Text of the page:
Golding Pearl steam fitting

Golding offered a steam fitting which as far as I know was just a pulley wheel that goes on the main shaft next to the fly wheel and is connected to a steam driven shaft by a belt.
With a press connected to the steam drive shaft how would a printer have stopped and started the press? Was there some mechanism in the loop that allowed the belt to slip so a press could be stopped?

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On presses over in the UK the drive belt has two wheels. A lever on the press with a sort of set of forks pushes the belt from the drive belt to a free wheel which obviously removes ‘drive’ from the press. Not sure how Golding undertook this. That said after so many presses were converted to electric power its amazing that so many were left with their original steam (or line shaft) driving gear intact.
I went to a print shop once where the steam engine was replaced with a large electric motor. This motor drove all of the print shop equipment via various shafts and belts. All the machines had the freewheel system, indeed some of the presses could have the belt pushed over on the line shaft in the same way.

Thats correct in the uk a double pulley shaft with one freewheeling pulley aside to a drive pulley and the system crudely required a belt shift fork force the belt onto the driving pulley , they changed it slightly to a system where you had movement in the shaft that allowed the shaft to drift side ways until a cone or dog engaged the freewheel pulley to the drive primary pulley . I am not sure when they bought the vee pulley into machine drives but i guess the steam drives hung around on machines becaue the flat belt drive was as easy to keep and flat belt was already there so it carried on and because that was what the machine required without further design change ?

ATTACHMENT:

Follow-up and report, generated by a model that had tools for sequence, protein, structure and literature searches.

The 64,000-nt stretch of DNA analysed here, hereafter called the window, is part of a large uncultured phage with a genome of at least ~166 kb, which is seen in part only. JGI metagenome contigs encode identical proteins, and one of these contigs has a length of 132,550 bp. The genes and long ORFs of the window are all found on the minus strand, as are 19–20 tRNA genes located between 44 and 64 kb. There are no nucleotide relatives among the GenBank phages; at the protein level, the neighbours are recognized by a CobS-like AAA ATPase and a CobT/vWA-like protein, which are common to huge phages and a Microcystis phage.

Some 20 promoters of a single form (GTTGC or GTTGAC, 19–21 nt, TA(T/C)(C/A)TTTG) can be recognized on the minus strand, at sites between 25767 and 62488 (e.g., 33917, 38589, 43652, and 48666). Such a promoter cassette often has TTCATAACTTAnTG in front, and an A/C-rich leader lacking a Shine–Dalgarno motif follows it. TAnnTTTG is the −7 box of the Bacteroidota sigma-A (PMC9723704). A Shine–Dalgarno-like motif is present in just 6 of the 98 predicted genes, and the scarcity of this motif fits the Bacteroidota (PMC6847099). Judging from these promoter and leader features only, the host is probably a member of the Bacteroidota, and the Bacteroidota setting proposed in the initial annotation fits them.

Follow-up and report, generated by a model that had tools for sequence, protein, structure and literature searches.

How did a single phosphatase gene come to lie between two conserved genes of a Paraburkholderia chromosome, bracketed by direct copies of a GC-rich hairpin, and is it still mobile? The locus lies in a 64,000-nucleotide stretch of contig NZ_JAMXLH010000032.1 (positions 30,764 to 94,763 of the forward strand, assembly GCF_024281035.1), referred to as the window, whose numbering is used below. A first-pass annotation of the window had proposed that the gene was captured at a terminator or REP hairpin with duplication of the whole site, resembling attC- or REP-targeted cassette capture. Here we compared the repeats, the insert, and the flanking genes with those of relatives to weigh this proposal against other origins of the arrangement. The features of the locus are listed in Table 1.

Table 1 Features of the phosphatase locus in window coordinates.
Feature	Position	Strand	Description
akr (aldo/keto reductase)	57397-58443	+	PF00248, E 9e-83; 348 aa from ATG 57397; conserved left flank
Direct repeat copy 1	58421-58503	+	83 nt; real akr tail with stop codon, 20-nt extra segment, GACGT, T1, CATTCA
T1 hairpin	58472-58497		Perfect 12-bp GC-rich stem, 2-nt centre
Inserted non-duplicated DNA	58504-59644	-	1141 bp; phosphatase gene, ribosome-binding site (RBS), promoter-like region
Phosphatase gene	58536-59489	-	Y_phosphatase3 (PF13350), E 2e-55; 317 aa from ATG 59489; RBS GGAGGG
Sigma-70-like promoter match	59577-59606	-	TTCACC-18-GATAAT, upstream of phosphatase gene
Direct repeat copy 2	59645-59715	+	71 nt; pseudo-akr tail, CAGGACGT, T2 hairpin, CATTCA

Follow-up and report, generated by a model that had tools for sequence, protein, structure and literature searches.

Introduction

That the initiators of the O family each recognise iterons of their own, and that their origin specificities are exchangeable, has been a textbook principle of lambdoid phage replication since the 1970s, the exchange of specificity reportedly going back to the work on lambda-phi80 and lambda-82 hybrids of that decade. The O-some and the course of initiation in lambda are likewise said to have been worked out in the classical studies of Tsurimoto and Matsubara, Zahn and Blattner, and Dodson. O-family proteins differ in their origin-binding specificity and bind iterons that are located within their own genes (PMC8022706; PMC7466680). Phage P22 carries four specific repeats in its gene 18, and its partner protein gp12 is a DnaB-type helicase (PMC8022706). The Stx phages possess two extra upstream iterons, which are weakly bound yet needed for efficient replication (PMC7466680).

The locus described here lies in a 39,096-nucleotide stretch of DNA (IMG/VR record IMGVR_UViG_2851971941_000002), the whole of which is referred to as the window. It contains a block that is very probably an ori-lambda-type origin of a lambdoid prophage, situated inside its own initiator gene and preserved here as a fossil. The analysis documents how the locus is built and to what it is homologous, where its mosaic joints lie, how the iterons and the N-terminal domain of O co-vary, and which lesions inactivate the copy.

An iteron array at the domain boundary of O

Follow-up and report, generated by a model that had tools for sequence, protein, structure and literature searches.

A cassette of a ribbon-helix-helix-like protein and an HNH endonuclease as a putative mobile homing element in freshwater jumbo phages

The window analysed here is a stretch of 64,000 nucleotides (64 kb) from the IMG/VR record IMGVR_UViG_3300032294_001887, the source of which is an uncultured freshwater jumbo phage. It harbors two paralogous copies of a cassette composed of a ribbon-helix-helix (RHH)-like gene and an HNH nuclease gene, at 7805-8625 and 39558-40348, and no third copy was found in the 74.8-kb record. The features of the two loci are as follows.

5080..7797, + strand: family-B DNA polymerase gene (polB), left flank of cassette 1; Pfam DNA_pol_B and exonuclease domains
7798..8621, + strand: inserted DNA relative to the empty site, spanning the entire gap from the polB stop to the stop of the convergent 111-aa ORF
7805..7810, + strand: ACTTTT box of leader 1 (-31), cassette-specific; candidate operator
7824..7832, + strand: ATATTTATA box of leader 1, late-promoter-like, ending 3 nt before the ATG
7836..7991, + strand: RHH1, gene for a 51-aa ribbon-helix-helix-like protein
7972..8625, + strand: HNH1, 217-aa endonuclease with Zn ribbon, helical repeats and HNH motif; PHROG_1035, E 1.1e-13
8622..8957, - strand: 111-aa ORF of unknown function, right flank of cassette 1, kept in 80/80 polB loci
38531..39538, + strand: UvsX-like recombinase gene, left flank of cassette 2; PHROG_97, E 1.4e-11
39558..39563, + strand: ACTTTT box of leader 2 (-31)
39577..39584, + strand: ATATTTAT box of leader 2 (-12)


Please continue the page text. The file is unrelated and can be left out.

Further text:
There are still a few mchines that have those fittings in industry ,especially woodworking .

US design for belt driven equipment pretty much is the same as in the UK. Rare to find a press with all the steam fittings intact. Belt shifter levers and forks are the rarest parts to find—though replication would not be too difficult.

Golding didn’t reinvent the wheel either. It is the two pulley (flat belt) system described


Golding presses fitted for steam had what they called a “belt-shifter” which moved the overhead power transmission belt from the drive wheel to an idler wheel. That cut off power to the press. At least that’s how I understand the system - but I’m no engineer.

to Stephen O. Saxe and others

A commercial printery in my home town drove most/all of its presses from a line shaft, which was about a foot above floor. The owner’s daughter was standing near the shaft when she suddenly bent her knees, then stood up without her dress. Uninjured, but shocked.

Where I worked (morning newspaper) the commercial print section had its line shaft near the ceiling. This was possibly from the days (pre 1926) when the prime mover used a form of coke gas as fuel for the engine.